When wild camping in the Black Forest you must never make a campfire. For cooking, use a storm cooker. The Swedish brand Trangia make fantastic storm cookers that are virtually indestructible.

If you want to go completely fuel-less, a portable solar powered cooker like this one would work well. Plus, is there anything cooler than harnessing the power of the sun for your breakfast!

And of course, take any trash with you, and leave your camping spot the way you found it.

Below are our must-know tips for wild camping in the Black Forest.

Wild (free) camping in the Black Forest

Tips for wild (free) camping in the Black Forest

  • Thunderstorms and heavy rain can happen in the Black Forest – even during the holiday season. Make sure you have a durable, rainproof tent that can survive heavy rain. A lightweight one-man hiking tent like this or similar would be perfect. For a good value tent that fits more than one person, this mosquito-proof one would work well too.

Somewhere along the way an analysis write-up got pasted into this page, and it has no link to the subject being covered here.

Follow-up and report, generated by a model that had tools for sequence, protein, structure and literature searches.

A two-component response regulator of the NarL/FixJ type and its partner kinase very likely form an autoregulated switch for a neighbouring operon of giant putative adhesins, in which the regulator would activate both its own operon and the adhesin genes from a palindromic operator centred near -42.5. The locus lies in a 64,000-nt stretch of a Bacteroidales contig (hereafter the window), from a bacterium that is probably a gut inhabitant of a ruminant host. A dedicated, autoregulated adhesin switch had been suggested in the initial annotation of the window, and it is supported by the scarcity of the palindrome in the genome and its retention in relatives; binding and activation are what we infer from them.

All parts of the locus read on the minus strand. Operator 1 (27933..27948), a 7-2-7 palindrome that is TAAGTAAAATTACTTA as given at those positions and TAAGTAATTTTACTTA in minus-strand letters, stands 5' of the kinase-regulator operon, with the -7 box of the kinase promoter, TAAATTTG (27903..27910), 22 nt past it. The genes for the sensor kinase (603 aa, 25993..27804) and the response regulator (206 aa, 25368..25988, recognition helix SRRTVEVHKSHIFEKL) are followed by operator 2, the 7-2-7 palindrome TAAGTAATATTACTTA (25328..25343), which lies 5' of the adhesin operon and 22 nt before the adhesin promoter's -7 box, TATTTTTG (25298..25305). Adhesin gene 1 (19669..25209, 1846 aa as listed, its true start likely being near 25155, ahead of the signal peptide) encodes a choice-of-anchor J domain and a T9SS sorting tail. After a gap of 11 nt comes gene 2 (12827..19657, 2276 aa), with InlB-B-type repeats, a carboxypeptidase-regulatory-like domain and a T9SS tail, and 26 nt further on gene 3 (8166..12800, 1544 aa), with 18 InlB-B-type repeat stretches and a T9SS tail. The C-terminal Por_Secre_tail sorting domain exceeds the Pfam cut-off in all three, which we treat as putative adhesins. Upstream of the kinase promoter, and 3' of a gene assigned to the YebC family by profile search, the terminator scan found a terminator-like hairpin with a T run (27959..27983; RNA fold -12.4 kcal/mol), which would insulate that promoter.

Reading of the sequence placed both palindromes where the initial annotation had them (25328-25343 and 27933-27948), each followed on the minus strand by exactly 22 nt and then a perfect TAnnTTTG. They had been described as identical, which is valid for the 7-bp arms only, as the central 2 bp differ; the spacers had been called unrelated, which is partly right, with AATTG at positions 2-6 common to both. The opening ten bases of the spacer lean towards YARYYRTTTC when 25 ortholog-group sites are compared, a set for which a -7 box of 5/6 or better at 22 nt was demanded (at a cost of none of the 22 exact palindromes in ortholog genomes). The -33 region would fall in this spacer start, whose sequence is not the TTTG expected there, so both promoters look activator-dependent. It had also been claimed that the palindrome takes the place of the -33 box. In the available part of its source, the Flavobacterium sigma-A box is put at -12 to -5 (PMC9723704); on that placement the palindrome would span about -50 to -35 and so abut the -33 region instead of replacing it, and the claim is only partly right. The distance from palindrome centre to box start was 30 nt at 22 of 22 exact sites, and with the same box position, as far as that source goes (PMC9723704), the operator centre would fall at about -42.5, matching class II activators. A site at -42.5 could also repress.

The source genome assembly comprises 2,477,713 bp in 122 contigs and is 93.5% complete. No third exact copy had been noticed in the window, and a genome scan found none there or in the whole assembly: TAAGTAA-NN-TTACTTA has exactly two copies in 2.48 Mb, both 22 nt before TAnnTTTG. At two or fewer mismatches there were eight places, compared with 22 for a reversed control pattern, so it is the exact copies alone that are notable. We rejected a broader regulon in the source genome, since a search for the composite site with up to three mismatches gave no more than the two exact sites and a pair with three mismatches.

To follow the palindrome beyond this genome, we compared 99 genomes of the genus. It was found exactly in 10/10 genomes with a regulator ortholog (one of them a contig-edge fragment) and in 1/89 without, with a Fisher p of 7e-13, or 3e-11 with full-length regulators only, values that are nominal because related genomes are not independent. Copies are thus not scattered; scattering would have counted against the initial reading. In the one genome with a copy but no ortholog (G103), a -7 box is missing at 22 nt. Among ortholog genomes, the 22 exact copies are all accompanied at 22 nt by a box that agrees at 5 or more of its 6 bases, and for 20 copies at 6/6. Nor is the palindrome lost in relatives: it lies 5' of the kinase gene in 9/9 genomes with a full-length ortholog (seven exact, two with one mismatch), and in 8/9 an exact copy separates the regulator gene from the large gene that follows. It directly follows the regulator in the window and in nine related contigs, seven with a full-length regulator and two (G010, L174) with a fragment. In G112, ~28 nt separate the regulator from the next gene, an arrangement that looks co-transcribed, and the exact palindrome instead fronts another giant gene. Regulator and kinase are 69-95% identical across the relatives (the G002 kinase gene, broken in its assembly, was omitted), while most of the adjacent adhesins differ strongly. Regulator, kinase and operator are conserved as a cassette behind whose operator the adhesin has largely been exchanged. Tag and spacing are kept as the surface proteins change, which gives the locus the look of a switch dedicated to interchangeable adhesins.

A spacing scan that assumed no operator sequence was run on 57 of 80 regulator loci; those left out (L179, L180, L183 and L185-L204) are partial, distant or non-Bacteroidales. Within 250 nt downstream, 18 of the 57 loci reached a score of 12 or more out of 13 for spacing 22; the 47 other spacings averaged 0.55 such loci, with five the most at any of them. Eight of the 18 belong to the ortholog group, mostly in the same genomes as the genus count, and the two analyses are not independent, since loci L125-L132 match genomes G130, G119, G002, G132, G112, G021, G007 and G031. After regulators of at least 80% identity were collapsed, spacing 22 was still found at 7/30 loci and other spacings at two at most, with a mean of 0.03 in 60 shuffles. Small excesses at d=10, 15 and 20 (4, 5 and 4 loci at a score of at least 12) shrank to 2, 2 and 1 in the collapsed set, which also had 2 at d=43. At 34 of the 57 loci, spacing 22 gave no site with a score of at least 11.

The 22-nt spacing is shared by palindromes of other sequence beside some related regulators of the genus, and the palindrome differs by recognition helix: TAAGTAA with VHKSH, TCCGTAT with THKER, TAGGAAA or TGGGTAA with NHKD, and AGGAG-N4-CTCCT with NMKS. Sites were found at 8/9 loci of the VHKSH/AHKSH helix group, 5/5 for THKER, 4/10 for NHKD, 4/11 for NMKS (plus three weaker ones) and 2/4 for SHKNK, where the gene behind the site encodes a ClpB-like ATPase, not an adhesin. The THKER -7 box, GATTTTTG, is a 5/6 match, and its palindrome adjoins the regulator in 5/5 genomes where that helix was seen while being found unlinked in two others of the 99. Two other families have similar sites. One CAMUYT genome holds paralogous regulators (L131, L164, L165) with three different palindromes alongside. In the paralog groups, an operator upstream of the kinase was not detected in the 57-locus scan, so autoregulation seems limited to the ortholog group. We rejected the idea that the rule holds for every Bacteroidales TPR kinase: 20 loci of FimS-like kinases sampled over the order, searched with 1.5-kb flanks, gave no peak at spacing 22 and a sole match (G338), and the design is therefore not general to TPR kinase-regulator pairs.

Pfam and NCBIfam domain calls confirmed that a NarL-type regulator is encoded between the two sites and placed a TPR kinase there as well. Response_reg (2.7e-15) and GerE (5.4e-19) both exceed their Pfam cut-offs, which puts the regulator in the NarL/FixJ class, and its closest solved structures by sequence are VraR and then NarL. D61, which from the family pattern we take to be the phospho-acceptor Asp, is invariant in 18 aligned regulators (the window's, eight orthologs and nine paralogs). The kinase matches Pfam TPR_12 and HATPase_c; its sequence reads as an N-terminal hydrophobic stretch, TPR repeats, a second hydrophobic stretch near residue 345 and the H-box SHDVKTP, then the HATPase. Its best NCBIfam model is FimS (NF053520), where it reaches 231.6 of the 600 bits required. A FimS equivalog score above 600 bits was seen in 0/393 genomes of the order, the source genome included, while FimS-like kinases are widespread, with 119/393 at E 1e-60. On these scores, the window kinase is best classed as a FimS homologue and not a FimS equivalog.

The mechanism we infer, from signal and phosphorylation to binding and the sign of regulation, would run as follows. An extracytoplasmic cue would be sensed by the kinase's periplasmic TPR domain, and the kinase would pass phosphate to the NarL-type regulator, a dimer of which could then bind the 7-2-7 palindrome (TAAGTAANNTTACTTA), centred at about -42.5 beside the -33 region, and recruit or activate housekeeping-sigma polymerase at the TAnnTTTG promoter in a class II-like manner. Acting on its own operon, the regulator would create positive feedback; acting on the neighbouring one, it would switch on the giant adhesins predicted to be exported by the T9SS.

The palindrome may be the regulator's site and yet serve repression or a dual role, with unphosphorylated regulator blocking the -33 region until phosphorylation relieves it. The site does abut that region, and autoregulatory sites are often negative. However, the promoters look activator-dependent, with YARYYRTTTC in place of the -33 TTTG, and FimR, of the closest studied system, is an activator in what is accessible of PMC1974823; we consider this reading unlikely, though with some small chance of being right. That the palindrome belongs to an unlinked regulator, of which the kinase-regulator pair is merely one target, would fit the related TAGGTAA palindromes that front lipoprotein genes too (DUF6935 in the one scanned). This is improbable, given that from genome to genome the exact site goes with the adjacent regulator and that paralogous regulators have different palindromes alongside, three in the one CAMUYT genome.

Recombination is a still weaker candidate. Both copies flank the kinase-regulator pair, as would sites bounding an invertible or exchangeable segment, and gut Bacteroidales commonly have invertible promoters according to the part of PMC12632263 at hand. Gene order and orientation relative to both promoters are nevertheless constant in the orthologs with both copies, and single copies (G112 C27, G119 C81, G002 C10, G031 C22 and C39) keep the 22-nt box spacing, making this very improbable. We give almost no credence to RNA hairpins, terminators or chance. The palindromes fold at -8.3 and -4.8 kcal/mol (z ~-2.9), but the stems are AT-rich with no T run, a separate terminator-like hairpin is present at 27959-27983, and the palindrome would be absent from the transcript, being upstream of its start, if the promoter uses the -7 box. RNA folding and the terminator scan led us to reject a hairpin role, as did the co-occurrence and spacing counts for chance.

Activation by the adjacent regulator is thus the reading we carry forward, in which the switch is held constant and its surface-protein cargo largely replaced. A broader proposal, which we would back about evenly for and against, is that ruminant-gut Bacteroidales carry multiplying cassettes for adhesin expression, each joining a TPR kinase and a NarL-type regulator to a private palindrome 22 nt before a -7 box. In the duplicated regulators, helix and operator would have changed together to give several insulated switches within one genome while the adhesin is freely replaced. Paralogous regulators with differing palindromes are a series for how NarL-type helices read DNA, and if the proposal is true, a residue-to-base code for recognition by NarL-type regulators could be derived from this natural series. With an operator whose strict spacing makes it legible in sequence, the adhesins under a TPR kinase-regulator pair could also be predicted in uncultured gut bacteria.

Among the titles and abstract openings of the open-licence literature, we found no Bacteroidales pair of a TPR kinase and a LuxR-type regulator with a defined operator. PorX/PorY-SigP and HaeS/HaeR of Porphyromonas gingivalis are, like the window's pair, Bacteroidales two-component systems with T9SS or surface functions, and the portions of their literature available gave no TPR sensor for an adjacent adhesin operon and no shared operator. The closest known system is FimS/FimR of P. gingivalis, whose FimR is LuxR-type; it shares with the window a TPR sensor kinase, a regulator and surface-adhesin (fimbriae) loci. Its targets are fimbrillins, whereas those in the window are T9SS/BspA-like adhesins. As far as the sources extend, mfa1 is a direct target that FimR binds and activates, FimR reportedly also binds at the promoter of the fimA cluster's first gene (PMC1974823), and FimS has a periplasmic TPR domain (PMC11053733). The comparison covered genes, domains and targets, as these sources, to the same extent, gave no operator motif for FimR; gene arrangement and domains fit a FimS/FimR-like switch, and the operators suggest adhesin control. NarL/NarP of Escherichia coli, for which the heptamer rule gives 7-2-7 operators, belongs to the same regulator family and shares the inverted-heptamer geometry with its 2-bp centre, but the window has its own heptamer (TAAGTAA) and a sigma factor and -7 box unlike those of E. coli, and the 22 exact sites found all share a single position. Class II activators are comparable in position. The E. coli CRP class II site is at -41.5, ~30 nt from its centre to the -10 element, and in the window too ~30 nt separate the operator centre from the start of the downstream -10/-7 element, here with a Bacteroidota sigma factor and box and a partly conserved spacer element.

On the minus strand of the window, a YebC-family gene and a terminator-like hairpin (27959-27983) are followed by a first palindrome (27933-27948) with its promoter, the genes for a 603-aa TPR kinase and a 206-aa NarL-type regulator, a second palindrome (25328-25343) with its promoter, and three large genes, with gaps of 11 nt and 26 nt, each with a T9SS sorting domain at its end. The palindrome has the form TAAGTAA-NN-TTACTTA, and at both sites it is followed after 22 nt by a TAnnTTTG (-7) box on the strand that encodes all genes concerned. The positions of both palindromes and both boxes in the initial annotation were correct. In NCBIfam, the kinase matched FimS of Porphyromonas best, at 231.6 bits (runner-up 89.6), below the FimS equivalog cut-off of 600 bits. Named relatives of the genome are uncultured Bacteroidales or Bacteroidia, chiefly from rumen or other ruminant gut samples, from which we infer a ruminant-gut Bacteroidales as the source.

• Keep an eye out for animal poo – if there’s a lot near your perfect camping spot, you may end up being woken up by some enthusiastic sheep or something else in the middle of the night!
  • There are lots of different water sources in the Black Forest, but remember to always have plenty of water on you when you’re walking. A space-saving collapsible water bottle would be a good purchase.
  • When going to the toilet you should do it far from water sources, such as rivers and lakes. Make sure to use a trowel (like this folding one) to bury any human waste – don’t just leave it out in the open.
  • Like many rugged and wild rural areas around the world, there are flora and fauna to be aware of. So read up and make sure you know what to expect in the region or area you are planning to wild camp in.

Recommended reading for your trip to the Black Forest

Tempted to go wild camping elsewhere? Check out our guides to camping in, Estonia, Finland, Norway, Patagonia, Pyrenees, Scotland and many others!